Scrape half into a prepared tin. Sprinkle half the blueberries over the top; place the remainder of the batter into the tin; and sprinkle the remainder of the blueberries over once more. Bake for 1 hour 10 minutes or so, until it is golden on the top and a skewer pointed into the middle comes out clean.
Cool entirely in the tin (I left mine for several hours as I got enough energy to go out for a movie). Once completely cool, tip out onto a serving platter and ice. To ice, mix together the icing sugar and the lemon juice, until you have a thick, smooth icing. Pour onto the cake and let the icing drift over the sides. If you like, decorate either with edible flowers, or with icing-sugar flowers.
It was the perfect rainy Sunday night dinner, with a strong cup of black tea to cut across the sweetness and acidity of the cake, and several episodes of The West Wing. The blueberries ooze juice, and little by little, this spreads purple colouring into the cake. It was surprisingly and deliciously lemony, and I can definitely see the cake being served at a late spring/ early summer garden party.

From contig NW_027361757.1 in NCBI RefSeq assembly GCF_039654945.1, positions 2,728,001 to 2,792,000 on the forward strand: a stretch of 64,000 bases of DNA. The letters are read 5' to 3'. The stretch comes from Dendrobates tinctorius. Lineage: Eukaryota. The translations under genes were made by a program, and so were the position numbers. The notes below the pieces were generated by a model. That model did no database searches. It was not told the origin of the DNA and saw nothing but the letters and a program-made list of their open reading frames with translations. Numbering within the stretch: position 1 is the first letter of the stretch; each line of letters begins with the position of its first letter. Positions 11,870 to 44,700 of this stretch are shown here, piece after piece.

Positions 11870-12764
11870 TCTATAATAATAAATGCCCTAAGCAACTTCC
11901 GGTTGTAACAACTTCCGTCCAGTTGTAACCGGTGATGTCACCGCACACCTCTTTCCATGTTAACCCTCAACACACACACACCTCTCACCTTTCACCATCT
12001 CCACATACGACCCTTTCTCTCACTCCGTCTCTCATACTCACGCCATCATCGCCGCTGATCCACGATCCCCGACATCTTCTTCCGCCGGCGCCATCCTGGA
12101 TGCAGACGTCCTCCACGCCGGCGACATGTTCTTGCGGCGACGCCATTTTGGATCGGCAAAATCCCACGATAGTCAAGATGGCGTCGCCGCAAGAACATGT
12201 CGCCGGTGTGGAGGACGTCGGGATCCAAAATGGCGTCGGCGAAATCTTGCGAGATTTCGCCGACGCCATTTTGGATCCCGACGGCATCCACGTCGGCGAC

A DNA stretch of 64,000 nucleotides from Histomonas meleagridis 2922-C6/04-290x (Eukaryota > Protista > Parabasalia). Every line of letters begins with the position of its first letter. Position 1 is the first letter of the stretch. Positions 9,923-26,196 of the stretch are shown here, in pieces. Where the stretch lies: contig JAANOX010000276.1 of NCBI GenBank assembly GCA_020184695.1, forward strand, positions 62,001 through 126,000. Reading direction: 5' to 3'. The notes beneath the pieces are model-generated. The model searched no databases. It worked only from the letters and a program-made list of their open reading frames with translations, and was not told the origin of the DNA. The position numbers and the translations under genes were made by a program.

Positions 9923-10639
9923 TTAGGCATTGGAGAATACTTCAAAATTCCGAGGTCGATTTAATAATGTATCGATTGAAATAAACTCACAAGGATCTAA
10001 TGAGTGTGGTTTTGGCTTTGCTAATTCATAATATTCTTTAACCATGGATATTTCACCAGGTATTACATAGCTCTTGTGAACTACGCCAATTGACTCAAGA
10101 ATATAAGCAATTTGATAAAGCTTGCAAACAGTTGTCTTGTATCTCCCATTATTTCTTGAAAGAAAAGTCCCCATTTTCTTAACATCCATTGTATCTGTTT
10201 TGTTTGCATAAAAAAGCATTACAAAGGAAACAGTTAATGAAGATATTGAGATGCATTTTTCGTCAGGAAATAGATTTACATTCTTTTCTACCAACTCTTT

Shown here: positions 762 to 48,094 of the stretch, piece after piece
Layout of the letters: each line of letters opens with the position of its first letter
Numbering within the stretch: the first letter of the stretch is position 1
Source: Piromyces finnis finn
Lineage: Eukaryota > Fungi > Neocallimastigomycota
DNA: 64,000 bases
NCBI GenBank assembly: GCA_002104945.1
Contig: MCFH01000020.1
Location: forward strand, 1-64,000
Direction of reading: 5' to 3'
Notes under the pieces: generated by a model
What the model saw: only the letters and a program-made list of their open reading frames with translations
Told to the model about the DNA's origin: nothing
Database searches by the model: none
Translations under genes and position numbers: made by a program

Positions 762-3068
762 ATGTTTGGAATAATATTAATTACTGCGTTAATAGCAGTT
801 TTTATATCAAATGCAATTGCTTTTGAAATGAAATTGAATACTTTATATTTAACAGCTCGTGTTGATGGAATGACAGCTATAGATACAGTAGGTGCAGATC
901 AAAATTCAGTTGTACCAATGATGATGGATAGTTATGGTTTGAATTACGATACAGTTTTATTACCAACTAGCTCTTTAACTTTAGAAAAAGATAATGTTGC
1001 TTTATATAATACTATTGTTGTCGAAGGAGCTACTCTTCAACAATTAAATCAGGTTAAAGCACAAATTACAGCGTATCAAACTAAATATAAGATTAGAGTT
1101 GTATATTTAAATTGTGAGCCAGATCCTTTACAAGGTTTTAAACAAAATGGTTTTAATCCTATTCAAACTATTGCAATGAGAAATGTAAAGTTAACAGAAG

The weather is unpredictable at the moment: sunshiney blue-skied patches, followed by days (like today) when the heavens open and gales whistle around my little apartment. These days make me long to hibernate. I lose all energy for anything other than watching The West Wing boxset and drinking cups of tea. Today I am taken by the idea of making a Lemon Curd and Blueberry Cake; but that would involve leaving the house to get flour and icing sugar, and baby, it’s cold outside.